THREE decades ago, many pundits were saying that an ever-rising population could lead to global disaster. They argued that ecological catastrophe, resource wars and other tragedies were inevitable unless radical measures were taken to defuse the coming “population bomb”. Happily, a mixture of technological innovation, economic dynamism and successful population-control strategies have helped defuse that bomb, or at least delay its detonation.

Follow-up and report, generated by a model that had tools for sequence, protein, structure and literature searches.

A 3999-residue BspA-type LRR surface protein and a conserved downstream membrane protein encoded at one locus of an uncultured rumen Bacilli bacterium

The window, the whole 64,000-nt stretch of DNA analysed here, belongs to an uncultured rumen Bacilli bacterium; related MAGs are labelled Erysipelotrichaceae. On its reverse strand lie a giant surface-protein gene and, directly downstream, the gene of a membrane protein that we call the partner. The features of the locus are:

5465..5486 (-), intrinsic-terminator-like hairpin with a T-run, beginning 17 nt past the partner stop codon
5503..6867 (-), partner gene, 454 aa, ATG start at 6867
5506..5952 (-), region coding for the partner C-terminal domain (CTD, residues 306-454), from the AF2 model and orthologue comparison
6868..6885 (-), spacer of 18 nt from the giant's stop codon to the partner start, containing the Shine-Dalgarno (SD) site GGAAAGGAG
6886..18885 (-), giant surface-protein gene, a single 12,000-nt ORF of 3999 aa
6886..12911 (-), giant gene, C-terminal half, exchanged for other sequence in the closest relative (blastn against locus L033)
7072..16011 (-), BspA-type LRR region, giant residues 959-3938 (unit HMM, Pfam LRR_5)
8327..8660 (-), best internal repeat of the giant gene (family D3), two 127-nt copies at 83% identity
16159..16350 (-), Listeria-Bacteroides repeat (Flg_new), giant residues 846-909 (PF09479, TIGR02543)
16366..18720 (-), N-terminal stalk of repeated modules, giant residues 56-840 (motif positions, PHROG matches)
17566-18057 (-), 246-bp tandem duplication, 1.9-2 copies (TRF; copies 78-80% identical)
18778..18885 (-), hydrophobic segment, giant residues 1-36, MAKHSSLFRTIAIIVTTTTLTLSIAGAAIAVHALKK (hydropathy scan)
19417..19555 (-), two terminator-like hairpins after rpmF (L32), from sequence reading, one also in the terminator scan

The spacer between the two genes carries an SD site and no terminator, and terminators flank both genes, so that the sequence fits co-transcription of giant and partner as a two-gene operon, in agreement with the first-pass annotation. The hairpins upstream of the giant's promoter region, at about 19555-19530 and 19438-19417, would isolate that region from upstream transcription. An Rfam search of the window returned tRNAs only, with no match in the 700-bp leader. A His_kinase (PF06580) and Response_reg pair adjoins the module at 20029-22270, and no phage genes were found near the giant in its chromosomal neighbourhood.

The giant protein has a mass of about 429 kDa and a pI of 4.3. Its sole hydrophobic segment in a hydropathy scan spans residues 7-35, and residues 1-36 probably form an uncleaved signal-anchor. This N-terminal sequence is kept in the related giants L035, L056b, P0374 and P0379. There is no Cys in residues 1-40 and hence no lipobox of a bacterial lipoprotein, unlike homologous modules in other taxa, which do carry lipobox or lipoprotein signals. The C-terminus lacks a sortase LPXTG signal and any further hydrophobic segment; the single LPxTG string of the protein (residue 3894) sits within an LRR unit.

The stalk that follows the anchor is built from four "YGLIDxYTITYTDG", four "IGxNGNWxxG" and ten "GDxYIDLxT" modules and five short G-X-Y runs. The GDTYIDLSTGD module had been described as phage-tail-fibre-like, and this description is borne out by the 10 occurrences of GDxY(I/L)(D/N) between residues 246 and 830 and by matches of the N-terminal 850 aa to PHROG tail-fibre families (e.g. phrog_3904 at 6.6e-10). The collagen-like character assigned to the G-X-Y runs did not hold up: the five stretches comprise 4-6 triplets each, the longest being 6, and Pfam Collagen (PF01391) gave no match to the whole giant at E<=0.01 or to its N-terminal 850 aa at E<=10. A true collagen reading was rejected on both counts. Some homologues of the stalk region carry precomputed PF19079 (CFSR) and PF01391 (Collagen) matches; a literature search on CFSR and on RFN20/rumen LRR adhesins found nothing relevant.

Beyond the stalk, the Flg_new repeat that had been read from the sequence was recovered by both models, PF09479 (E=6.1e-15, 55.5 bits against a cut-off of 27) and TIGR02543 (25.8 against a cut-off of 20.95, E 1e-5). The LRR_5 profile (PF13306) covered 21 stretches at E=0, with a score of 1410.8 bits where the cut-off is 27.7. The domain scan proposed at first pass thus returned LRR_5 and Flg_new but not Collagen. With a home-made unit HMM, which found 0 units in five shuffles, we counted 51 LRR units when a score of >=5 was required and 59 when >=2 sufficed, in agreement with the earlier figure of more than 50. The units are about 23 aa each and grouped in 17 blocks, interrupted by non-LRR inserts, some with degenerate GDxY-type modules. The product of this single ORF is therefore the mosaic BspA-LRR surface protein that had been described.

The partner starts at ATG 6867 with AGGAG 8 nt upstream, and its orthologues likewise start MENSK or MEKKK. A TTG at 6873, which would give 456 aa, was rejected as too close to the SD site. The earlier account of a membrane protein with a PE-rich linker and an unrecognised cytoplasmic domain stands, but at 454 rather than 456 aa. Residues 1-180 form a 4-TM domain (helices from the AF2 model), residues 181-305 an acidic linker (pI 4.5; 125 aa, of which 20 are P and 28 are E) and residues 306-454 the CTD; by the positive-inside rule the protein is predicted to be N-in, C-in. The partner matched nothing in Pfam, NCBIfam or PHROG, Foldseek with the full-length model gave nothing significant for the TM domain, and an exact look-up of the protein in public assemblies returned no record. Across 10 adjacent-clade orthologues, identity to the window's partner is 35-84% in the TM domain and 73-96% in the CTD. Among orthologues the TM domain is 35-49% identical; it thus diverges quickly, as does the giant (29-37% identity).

As the United Nations commemorated World Population Day this week, there was reason for cheer. Population experts have been busy revising their long-term scenarios downward to account for falling fertility not only in wealthy Europe and Japan but also in poor countries like Bangladesh and Kenya. Stan Bernstein of the UN Population Fund (UNFPA) even insists that “this is one of the great development success stories of the last 40 to 50 years,” pointing out that the active use of family-planning techniques in developing countries has shot up from 10% to 12% in the early 1960s to over 60% today.
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